Thursday, October 23, 2014

So many things...

It occurs to me that I haven't posted very many photos of Psalm here, so I am to rectify that today...

I would take your pain away and hurt for you if I could, but I fear that doing so would mean taking away some of the love you feel as well, because those are the two sides of the same coin.  Still, I hate like hell that there is anyone else out there who knows exactly how I feel.

There's been another baby born to the support group, a wee tiny boy who lived a quarter of an hour.  And oh, my God, the pain.  The remembered pain.  I ache for his mother because now the pain isn't an abstract thing, it's an exact thing.  I know how it feels to wake up with empty arms and empty womb and oh, my friends, I cannot explain it to you and I hope like hell all you can do is imagine it yourselves.

God's cruelty is refining. (Stephen King, Desperation)

There are dark thoughts that will not leave my mind.  No thoughts of harm or wishing I wasn't here.  Nothing that serious.  Worries about my girl.  When she opened her mouth at me and grimaced at first I thought she was in pain, but I rationalized it as her trying to cry.  But what if I'm wrong?  What if those were frantic gasps for breath, with underdeveloped lungs too small to pull in air?

Just the same, she opened her eyes and looked at me and I saw there the wise look that all newborns have.  But someone else interpreted her look as fright.  What if she was right?  What if Psalm was frightened by the lights, by the noise, by her own failing body?

How much of what we tell ourselves about death is true, and how much of it is lies to make ourselves feel better?  We presume there is little to no pain, that it is somehow a serene slipping away, but there's no way to know that's true.  And that troubles me, because I made the best decision I could for her but there's always the chance that my choices were the wrong ones.

We mamas of lost babies have been called strong.  After a while, this becomes a burden.  We're not strong.  We're just doing what we have to, just putting one foot in front of the other and moving forward because while your heart is beating and you are breathing, there is no other choice.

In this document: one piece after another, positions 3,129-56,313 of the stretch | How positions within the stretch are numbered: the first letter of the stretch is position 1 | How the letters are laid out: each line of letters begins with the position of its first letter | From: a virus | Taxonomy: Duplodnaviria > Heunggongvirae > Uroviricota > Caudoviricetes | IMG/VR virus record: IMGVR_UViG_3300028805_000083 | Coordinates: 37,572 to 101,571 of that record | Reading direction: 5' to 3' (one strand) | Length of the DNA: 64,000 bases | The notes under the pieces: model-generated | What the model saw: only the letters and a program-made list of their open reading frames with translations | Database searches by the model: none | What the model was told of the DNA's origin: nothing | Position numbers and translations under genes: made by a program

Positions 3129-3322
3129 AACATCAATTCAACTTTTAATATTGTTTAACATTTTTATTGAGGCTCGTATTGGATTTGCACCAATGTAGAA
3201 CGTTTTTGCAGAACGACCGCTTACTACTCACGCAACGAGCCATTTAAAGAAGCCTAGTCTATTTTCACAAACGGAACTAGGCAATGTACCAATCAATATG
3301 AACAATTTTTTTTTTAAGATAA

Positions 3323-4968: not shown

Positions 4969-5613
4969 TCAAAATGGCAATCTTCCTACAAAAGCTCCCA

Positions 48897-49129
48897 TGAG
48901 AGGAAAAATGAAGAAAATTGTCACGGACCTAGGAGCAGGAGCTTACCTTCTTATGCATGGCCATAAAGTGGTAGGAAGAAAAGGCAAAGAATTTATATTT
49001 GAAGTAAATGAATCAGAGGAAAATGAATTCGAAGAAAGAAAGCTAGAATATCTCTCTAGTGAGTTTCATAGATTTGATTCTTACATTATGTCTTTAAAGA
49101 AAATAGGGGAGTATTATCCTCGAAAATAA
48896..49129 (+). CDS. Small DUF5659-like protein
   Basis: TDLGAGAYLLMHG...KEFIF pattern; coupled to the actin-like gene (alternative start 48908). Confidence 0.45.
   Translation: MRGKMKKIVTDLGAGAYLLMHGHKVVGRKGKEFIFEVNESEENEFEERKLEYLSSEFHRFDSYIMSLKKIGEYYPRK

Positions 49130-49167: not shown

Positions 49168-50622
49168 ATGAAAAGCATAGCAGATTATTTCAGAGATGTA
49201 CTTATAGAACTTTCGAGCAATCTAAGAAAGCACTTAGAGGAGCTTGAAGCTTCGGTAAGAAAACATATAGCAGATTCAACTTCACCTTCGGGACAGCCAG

I have no strength left in me.  None.  I have given all I have to other people, and I swear to God if I hear one more line about men being stoic and holding up things for their families I am going to scream.

We had Psalm's memorial service this past Tuesday, on my due date.  Dry-eyed, I arranged to have a photo blown up to display at the service, and I packed her green blanket and the little baby book from Sufficient Grace ministries to act as a guest book and I took them and I laid them out on the table.  I thought the service would be the time to cry; I told the girls this was the time we are given to be sad.  But I'm the one who had to stand up and be strong for those who were crying.  I'm the one who has shed her tears hiding in the bathroom more often than not so I don't bring others down.  I'm the one who went outside after seeing her death certificate and her ashes so I would bother no one with my grief.  I'm the one who kept quiet about how fucking much it hurt to have a friend's child born on my due date because I didn't want to upset my husband with the knowledge it was happening or the friend with the knowledge of how painful it was.  I hurt physically and emotionally and I am sucking up both sources of pain because that's just what the fuck I do.

Just fucking once, I wish someone would speak of my daughter as though she was a normal baby.  As though her presence was the presence of a real person, not the embodiment of...something.

I posted to Facebook the video the midwife gave us of her moving around and making faces and kicking me in the face.  When it happened, it was a happy moment because here I am cut open on a table and my newborn is kicking me in the face.  Yep, she's my kid for sure.  Grouchy as fuck and kicking.  There was nothing beautiful or precious or anything about that.  It was the closest thing to a moment of normalcy we got that day.  But I guess it's not realistic to ask other people to look past the circumstances and see the moment for the moment.  I realize Psalm isn't really real to most people, and that most folks have a problem with seeing any newborn as a 100% human human, but I just want some tiny little slice of normal to cling to because otherwise this is just an ongoing nightmare.

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